Director: Jorge R. Gutierrez
Voice cast: Diego Luna, Zoe Saldana, Channing Tatum, Ron Perlman, Hector Elizondo, Kate del Castillo
Plot: Two friends compete with each other for the love of one woman, with the keepers of the Land of The Remembered and the Forgotten making a wager on the winner.
Review: I read a review of this film somewhere stating that The Book Of Life is very similar to Tim Burton's A Nightmare Before Christmas. I can certainly see why.
The Book Of Life has its roots deep in Mexican culture, particularly on The Day Of The Dead. It begins with a group of kids taking a museum tour, where the tour guide introduces them to The Book Of Life, and tells a story from the book about three friends who grew up in San Angel in Mexico: Manolo, Joaquin and Maria. Manolo and Joaquin are both in love with Maria and compete for her attention, from the time they were kids until they're all grown up. La Muerte, ruler of the Land Of The Remembered and Xibalba, ruler of the Land Of The Forgotten, strike a wager on which of the two men will win Maria's heart. Xibalba tries to cheat by giving Joaquin an edge, and even pulls a few tricks to get Manolo out of the way. Finding himself in the Land Of The Remembered, Manolo has to find a way to get back to the Land Of The Living and win Maria back.
Without a doubt, the best thing about this film is the animation. Director Jorge Gutierrez and producer Guillermo del Toro (the one and only) fill the film with lots of colours, which is immediately attractive and vibrant. The animators even go to great lengths to differentiate the various worlds the film inhabits; the museum characters look normal, the story characters in the Land Of The Living look like wooden puppets and the characters in the Land Of The Remembered look like the Day Of The Dead dolls. Best of all, each character is very detailed and distinct in appearance, so all in all it's just lovely to watch.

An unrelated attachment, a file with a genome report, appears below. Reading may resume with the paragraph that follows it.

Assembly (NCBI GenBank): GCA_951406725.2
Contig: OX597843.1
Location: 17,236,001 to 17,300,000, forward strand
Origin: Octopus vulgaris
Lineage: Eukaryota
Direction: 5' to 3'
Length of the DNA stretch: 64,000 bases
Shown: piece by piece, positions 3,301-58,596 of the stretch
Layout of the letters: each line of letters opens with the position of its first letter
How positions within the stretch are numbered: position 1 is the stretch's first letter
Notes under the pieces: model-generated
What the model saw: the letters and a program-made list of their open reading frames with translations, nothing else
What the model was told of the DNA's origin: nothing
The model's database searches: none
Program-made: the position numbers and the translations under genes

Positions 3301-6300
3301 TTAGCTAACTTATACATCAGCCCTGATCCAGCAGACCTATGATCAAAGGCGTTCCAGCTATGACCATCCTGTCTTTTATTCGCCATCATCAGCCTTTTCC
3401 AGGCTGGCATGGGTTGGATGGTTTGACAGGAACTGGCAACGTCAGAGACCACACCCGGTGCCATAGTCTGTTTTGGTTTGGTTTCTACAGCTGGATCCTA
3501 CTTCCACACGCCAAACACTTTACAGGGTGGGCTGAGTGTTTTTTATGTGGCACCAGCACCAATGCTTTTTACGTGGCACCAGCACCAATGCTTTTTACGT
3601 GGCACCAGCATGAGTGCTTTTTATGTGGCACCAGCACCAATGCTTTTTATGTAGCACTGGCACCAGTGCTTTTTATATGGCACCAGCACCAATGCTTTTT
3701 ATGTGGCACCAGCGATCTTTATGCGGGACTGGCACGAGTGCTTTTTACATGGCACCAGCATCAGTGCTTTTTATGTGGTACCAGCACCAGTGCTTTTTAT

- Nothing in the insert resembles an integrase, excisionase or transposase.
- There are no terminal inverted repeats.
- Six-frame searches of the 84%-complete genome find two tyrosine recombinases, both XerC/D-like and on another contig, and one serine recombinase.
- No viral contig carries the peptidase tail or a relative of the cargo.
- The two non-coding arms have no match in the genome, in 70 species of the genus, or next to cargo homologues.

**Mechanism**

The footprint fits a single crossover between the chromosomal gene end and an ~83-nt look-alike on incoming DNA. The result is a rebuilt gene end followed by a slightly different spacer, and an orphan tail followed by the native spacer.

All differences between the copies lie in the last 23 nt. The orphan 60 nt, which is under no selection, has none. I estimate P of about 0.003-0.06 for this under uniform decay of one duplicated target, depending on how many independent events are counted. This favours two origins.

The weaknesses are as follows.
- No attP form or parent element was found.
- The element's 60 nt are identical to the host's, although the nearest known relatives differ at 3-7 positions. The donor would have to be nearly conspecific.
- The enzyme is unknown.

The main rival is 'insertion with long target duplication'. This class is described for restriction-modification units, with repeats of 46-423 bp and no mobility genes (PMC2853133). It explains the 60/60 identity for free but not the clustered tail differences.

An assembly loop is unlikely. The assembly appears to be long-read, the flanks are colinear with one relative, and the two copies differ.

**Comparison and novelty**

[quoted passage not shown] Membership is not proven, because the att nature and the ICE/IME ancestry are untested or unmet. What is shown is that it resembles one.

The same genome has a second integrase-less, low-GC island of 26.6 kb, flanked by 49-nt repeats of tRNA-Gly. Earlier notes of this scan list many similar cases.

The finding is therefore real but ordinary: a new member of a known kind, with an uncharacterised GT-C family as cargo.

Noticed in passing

But the story has to matter too, and I'm glad to note that it's pretty solid. It's a love triangle obviously, but in this case, both men are essentially good guys, each with their own pros and cons. Manolo is a bullfighter who doesn't want to kill bulls and become a musician instead, but is torn between his love for music and his responsibility to his family tradition. Joaquin wants to be a hero like his late father, but doesn't quite know the finer points of being a hero. In the end, both men will find their path of course, but the journey is what makes it good.
The film is filled with loads of other things worth noting, like the Mexican culture on display, the action (which occasionally moves too fast) and some good comedy (mostly coming from a Mariachi band and Maria's pet pig). There's a lot of music too, which gives it a Disney feel, though personally I didn't dig the songs that much, even though they were written quite well.
I do have a minor complaint to add, that being Joaquin's role overall, which seemed a bit underwritten. Of course, the outcome of this love triangle is quite predictable, but even so, Joaquin deserved a bit more development. If we had that, it would make him a better challenge for Manolo and not seem like an understated character in the second half of the film.
Oh, I forgot to mention the voice talents. They're all good, even though it can get jarring when some of them don't speak in a Mexican accent, but I can overlook this one.
The Book Of Life is a pleasant surprise, and certainly deserves more attention than it's getting. Recommended. (8/10)